JVC DLA-X70 Review - 2D Performance Review


Kicking off the testing phase of the review with 2D, the JVC DLA-X70 simply blew us away, to be honest. We’ve already been deeply impressed this year by the 2D performance of the Sony VW95 projector at the same sort of price level – and certainly that model still deserves massive plaudits for the immense distance it has come from its 2011 predecessor. But for us, the X70’s 2D pictures set the bar even slightly higher.

The first thing that struck us, as usual with D-ILA technology, is the image’s phenomenal contrast range. Black levels are as near to perfect as we’ve seen on a projector costing less than five figures. Yet because they’re achieved without the need for a dynamic iris, the inkiest blacks can be joined in the same frame by punchy colours and potent peak whites.

We’re not talking here, it must be said, about dynamism levels to match what a much more expensive projector like the Sim2 Nero 1 or, especially, Sim2 Lumis 3D-S might manage. But certainly the projector does a good job for its price of putting to bed old concerns about movie-optimised D-ILA systems not being able to get particularly bright. Crucially, there’s also enough brightness in the image to ensure that the projector never feels at all short of shadow detailing in dark areas.

Once you’ve managed to see past the impact of the JVC DLA-X70’s deliriously good contrast performance, it’s the e-Shift technology that next grabs your attention. For you really can appreciate its presence in almost every frame of an HD image, partly in the flawless look to contoured edges but mostly in the way the image genuinely looks crisper and slightly more detailed than a non e-Shifted image.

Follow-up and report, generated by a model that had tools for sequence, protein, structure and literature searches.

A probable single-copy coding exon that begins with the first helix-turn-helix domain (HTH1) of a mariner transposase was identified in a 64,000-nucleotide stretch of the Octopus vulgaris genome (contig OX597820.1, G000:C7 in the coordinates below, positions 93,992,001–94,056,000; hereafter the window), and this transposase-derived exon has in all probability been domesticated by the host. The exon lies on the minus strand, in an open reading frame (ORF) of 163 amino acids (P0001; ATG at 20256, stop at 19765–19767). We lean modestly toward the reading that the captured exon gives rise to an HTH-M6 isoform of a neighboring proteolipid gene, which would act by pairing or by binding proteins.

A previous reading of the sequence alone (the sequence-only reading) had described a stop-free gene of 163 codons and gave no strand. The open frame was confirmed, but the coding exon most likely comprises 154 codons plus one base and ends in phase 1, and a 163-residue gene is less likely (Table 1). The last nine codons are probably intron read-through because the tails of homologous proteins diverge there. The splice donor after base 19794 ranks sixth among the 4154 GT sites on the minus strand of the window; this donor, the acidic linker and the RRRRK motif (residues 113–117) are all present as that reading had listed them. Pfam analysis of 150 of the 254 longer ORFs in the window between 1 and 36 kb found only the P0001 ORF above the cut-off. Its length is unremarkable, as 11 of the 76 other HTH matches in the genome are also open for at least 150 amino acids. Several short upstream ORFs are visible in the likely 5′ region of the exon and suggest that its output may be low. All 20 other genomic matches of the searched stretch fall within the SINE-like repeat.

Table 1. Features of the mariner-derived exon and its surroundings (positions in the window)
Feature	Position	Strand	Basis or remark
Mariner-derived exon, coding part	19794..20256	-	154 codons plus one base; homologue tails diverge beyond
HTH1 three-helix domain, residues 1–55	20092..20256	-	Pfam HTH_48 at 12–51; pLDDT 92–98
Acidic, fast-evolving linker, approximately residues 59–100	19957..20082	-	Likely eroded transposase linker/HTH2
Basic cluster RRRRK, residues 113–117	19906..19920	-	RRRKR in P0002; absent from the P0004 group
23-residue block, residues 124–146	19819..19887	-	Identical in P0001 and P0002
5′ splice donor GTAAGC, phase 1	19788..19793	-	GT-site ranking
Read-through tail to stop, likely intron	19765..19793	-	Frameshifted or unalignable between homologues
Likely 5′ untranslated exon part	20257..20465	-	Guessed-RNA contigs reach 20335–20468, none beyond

JVC DLA-X70 projector
We know the system isn’t actually adding extra image data to the HD signal in any way, but simply by doubling the density of the pixels the image really does look sharper. And since there’s no upscaling involved, the e-Shifted picture looks totally natural and unprocessed.

We guess some people might not like the system’s slight tendency to emphasise grain in the picture. And just occasionally, perhaps, e-Shift goes a bit far. For instance, some high-contrast edges can look a touch harsh (though actually this could be the e-Shift system just shining an unforgiving light on edge enhancement systems used by the authors of some Blu-ray discs). Also, sometimes background objects on grainy shots – such as the backdrop behind Bond as he stands outside the Nambutu Embassy with his bomb-making captive in Casino Royale – can look a touch too “alive”.

However, for the most part we found ourselves entranced with the enhancement e-Shift brings to images, ultimately finding the resulting pictures looking more like something you might see from a monster-spec digital cinema projector at a commercial movie theatre.

The extreme contrast range of the DLA-X70 helps it produce some terrific colours too. The palette it can reproduce seems vast, as it effortlessly handles everything from the darkest of ‘real’ video tones to the most vibrant of Disney animations. There’s also immense finesse in colour shifts and blends, which contributes further to the sense of precision in the picture.

It’s also possible to get immensely natural colours out of the X70 – though it did seem to us that the presets seemed a touch yellowy out of the box, requiring a little calibration via the slightly fiddly colour management system.

It’s worth adding here that the projector is THX certified, which means there’s a THX picture preset included. This provides a decent image for people who like an accurate picture based on industry standards – though to be honest it feels a bit too warm and soft to really chime with the projector’s extreme capabilities.

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